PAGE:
[5]American Academy of Pediatrics. (2016). American Academy of Pediatrics Announces New Safe Sleep Recommendations to Protect Against SIDS, Sleep-Related Infant Deaths. Retrieved from https://www.aap.org/en-us/about-the-aap/aap-press-room/Pages/American-Academy-of-Pediatrics-Announces-New-Safe-Sleep-Recommendations-to-Protect-Against-SIDS.aspx 

    [6]AAP. (2016). Safe Sleep and Your Baby: How Parents Can Reduce the Risk of SIDS and Suffocation. Retrieved from https://patiented.solutions.aap.org/handout.aspx?gbosid=156543 

    [7]British Standard Institution. (Confirmed 2018). BS 4578:1970. Retrieved on December 5, 2019, from https://shop.bsigroup.com/ProductDetail/?pid=000000000000084444 

    [9]Consumer Product Safety Commission. (2013). Nap Nanny and Chill Infant Recliners Recalled by Baby Matters LLC After Five Infant Deaths; CPSC, Firm Settle Administrative Litigation. Retreived from https://www.cpsc.gov/Newsroom/News-Releases/2013/Nap-Nanny-and-Chill-Infant-Recliners-Recalled-by-Baby-Matters-LLC-After-Five-Infant-Deaths-CPSC-Firm-Settle-Administrative-Litigation-/ 

    [1]Gay, C. L., Lee, K. A., & Lee, S. Y. (2004). Sleep patterns and fatigue in new mothers and fathers. Biological research for nursing, 5(4), 311–318. doi:10.1177/1099800403262142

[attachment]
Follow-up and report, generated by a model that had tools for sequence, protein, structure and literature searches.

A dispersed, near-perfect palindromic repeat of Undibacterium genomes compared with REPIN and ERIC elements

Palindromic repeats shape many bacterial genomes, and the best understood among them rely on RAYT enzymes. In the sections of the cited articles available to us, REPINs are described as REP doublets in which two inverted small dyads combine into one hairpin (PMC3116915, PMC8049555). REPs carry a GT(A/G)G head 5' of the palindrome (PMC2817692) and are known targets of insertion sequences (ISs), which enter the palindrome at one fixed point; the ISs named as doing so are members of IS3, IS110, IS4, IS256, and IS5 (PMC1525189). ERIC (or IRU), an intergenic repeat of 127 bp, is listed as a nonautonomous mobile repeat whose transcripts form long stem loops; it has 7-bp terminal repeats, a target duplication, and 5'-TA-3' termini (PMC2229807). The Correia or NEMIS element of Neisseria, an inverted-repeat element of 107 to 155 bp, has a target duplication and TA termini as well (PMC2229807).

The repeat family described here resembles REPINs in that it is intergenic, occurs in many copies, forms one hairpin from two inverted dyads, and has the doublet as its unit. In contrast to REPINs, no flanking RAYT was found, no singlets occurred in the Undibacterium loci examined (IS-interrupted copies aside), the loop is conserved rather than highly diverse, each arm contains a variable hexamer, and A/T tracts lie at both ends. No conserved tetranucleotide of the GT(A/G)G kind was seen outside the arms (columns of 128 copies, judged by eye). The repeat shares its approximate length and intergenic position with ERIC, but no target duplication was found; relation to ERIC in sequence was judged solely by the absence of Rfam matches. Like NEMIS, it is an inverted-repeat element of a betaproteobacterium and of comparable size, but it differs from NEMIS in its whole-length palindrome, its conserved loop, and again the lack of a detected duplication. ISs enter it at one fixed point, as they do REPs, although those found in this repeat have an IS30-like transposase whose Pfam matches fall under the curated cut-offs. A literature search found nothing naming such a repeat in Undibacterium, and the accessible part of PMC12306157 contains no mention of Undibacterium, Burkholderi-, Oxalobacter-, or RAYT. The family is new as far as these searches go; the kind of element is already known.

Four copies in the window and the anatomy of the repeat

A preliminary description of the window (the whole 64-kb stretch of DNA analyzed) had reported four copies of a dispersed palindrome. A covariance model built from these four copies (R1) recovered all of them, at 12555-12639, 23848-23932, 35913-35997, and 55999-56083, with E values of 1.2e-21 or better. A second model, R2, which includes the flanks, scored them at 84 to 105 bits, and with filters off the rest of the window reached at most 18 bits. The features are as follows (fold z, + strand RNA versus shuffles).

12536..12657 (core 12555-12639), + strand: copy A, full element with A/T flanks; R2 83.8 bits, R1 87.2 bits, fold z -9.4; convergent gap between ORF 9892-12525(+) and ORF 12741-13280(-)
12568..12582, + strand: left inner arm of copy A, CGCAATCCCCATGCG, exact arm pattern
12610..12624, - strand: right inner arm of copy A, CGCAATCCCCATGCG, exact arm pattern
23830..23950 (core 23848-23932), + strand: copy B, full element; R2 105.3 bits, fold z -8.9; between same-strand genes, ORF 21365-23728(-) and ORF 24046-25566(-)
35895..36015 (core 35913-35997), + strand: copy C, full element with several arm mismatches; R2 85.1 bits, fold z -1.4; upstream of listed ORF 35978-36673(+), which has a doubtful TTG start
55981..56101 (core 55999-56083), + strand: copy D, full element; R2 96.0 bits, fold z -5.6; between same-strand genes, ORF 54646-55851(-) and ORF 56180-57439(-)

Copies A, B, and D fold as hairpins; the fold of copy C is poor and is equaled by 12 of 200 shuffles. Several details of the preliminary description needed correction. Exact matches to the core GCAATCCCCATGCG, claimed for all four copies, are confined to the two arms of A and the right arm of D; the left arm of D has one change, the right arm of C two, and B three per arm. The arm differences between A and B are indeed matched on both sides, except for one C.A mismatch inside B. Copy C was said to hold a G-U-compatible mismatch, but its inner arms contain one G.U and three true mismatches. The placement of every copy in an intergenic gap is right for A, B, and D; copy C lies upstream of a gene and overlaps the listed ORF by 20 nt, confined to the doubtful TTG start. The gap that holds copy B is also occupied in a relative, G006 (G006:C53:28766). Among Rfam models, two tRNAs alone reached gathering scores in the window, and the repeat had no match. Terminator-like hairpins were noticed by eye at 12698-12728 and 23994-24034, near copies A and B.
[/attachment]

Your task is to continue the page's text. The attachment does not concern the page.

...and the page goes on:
[4]Food and Drug Administration. (2019). Do Not Use Infant Sleep Positioners Due to the Risk of Suffocation. Retrieved from https://www.fda.gov/consumers/consumer-updates/do-not-use-infant-sleep-positioners-due-risk-suffocation 

    [3]Insana, S. P., & Montgomery-Downs, H. E. (2013). Sleep and sleepiness among first-time postpartum parents: a field- and laboratory-based multimethod assessment. Developmental psychobiology, 55(4), 361–372. doi:10.1002/dev.21040

    [8]Peachman, R.R. (2019). More Infant Sleep Products Linked to Deaths, a Consumer Reports Investigation Finds. Consumer reports. Retrieved from https://www.consumerreports.org/child-safety/more-infant-sleep-products-linked-to-deaths/

    [2]Richter, D., Krämer, M.D., Tang, N.K.Y., Montgomery-Downs, H.E., & Lemola S. (2019). Long-term effects of pregnancy and childbirth on sleep satisfaction and duration of first-time and experienced mothers and fathers. Sleep, 42(4). https://doi.org/10.1093/sleep/zsz015